Mary Beth Maxwell Human Rights Campaign leader resigns after saying n-word twice

The leader of the nonprofit arm of the Human Rights Campaign (the HRC Foundation) has resigned after an investigation found she’d used the n-word twice.

Mary Beth Maxwell, who is white, previously worked for Barack Obama’s administration.

Maxwell was exposed in an email sent to staff by HRC President Chad Griffin which was obtained by Politico.

The email said an investigation was launched after an employee had complained about Maxwell’s use of the term.

The preliminary findings of the investigation were found on Monday and Maxwell was suspended without pay, and on Wednesday the full findings were published, which is when she resigned.

The Foundation is a non-profit that runs educational programs focusing on a range of issues including HIV, youth issues and religious outreach. It also publishes the organisation’s Corporate Equality Index.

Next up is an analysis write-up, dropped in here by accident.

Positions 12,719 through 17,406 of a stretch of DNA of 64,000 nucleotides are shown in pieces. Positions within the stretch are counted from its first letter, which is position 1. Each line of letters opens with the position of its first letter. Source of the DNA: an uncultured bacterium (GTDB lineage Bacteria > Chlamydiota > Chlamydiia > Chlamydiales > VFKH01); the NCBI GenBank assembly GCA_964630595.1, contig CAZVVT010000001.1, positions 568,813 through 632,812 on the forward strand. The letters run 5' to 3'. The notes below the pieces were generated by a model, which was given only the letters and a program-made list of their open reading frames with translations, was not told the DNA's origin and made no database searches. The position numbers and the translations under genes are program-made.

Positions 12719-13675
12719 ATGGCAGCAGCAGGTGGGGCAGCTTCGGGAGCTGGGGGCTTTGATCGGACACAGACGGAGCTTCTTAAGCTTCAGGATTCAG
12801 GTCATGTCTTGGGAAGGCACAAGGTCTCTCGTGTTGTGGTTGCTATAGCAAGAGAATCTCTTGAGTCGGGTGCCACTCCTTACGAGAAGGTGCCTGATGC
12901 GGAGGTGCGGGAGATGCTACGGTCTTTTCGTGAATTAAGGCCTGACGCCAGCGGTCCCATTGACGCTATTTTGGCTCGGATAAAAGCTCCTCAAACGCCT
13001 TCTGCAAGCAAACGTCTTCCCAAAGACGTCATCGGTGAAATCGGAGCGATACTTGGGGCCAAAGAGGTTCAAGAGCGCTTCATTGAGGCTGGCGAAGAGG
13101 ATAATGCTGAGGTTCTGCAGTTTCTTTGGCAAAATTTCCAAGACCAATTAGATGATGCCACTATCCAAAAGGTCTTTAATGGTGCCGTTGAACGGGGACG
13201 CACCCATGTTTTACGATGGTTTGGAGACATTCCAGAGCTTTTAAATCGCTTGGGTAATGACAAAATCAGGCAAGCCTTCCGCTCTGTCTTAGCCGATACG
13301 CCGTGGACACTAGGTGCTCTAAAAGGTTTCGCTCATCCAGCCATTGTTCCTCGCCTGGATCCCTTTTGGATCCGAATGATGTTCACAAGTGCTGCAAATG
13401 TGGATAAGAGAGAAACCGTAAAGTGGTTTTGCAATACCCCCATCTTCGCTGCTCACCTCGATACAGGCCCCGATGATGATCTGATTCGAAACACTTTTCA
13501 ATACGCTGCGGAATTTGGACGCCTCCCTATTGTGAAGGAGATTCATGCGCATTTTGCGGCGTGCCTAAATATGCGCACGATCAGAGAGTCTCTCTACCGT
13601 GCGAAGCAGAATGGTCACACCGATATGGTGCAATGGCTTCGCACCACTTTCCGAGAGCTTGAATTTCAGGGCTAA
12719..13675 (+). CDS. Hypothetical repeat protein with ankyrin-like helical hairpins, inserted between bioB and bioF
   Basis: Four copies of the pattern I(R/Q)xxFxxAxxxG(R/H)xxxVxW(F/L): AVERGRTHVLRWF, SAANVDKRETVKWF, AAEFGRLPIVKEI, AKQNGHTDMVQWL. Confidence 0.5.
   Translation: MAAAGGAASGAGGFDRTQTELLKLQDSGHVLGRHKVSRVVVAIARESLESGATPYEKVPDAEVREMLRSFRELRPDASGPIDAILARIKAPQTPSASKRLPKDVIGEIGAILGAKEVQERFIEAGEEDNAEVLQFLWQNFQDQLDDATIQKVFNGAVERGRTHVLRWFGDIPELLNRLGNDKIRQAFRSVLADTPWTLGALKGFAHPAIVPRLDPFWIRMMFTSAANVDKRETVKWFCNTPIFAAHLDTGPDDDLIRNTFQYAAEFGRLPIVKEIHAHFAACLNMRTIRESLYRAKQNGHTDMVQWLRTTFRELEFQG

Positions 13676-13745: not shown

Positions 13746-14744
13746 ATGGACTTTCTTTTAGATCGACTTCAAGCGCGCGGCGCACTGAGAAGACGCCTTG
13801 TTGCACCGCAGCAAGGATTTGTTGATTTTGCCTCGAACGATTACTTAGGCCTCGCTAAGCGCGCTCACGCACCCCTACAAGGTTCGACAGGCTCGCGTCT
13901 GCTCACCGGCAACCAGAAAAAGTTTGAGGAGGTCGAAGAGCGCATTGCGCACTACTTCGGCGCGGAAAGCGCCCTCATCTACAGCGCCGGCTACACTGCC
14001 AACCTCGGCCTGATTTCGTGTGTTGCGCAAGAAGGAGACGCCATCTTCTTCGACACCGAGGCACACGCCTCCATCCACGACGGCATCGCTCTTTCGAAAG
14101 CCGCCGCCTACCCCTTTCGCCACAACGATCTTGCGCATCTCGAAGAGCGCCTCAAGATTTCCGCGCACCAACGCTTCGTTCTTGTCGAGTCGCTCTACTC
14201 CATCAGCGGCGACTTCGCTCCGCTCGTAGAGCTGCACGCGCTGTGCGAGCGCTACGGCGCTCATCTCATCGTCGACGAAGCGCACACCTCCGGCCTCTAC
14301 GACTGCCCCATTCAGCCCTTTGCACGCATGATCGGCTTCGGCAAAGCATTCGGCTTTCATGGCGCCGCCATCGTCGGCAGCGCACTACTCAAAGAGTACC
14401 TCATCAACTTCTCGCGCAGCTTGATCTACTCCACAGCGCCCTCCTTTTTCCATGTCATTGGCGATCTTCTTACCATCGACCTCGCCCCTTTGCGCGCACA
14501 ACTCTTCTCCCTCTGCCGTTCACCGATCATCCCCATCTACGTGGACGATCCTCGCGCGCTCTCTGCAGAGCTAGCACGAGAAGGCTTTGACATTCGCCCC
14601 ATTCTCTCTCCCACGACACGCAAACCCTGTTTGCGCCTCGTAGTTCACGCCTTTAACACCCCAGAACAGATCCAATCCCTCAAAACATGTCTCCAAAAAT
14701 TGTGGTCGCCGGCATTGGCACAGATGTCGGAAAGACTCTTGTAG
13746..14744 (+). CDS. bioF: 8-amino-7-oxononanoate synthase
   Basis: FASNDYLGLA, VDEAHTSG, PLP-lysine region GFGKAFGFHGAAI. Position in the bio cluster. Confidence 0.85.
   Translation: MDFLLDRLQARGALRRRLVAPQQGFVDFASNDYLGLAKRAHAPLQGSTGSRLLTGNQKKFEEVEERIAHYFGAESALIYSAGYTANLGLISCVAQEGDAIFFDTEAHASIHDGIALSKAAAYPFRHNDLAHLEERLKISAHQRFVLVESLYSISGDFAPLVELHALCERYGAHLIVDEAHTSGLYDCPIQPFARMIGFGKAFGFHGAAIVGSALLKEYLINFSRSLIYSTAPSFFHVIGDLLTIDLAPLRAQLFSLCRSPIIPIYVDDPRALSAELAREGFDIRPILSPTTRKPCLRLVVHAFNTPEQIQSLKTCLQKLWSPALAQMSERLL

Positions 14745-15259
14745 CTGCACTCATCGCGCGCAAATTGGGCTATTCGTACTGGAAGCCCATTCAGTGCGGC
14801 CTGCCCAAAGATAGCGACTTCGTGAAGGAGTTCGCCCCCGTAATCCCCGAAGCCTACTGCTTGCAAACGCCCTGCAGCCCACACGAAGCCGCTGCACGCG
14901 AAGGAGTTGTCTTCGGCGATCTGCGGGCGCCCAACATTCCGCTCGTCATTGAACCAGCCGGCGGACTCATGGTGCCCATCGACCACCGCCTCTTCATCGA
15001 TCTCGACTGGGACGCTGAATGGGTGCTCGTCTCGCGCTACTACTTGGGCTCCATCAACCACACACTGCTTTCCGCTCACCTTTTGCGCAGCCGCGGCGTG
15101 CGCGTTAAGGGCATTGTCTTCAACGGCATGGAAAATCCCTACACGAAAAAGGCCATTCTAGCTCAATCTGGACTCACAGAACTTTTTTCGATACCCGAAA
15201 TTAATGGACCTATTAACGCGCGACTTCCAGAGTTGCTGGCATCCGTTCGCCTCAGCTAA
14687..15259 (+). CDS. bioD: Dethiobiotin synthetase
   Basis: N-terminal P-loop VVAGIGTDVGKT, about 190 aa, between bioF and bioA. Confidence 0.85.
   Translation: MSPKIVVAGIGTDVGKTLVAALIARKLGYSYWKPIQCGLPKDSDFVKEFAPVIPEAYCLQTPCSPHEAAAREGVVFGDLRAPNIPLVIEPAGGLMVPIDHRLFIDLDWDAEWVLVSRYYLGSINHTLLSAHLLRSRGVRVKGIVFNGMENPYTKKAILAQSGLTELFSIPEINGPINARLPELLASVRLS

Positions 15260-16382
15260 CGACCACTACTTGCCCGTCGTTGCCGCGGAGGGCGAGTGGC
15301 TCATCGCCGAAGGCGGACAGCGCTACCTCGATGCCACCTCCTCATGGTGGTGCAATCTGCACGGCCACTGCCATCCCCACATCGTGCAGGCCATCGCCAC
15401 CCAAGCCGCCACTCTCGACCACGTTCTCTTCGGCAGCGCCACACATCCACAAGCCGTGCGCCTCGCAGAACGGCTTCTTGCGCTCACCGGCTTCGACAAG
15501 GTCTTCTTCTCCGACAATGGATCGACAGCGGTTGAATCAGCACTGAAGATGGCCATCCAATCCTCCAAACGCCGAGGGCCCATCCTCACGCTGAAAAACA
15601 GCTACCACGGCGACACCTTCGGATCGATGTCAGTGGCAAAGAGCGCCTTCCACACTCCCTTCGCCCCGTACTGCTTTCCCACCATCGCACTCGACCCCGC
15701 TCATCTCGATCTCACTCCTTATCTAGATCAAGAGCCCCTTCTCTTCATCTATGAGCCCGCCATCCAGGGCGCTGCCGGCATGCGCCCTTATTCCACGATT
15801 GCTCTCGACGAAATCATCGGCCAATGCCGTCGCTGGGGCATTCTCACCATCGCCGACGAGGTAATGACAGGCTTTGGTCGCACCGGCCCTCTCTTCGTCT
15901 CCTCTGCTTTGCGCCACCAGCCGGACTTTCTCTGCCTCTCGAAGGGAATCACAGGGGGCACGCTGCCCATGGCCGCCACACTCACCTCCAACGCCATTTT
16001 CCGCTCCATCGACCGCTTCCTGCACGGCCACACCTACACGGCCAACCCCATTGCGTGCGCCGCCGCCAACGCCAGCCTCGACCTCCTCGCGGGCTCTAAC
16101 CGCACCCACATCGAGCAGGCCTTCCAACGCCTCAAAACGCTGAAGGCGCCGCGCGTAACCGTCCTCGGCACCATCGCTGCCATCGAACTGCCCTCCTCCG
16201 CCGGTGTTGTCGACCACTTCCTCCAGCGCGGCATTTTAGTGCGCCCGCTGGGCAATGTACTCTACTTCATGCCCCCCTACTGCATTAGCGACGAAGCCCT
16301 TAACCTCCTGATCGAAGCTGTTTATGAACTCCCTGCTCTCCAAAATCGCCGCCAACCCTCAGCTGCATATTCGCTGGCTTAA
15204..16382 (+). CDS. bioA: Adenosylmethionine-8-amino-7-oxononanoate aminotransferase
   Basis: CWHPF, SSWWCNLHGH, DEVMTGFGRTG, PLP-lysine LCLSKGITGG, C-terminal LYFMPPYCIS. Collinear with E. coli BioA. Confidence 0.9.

In Griffin’s email to Maxwell was not named and was referred to using “they” pronouns and described as “a senior staff member”.

The President of HRC also wrote that Maxwell did not use the term with intent to insult someone else at HRC, and said that in the first incident she “recounted an upsetting personal story in which the term was used.”

Mary Beth Maxwell of Human Rights Campaign (Credit: YouTube)

“In the second instance she repeated the word in describing an external situation that they found horrifying, in which racial and homophobic slurs were used,’ Griffin wrote.

“I share this context because the lesson learned here is that not having bad intent in using the word does not make it acceptable,” Griffin added. “I want to be clear: intent does not matter. It is the impact of the word that matters.”

“It simply is never acceptable for that word to be said by an employee in the workplace, period.”

Griffin acknowledged that, because of the work HRC does, they are going to have to discuss hate speech. “But it’s our job to respond to these incidents in ways that are appropriate and don’t compound the harms done,” he wrote.

He also noted that HRC will have “a formal policy on our expectations and requirements of staff in responding to or discussing hate speech”.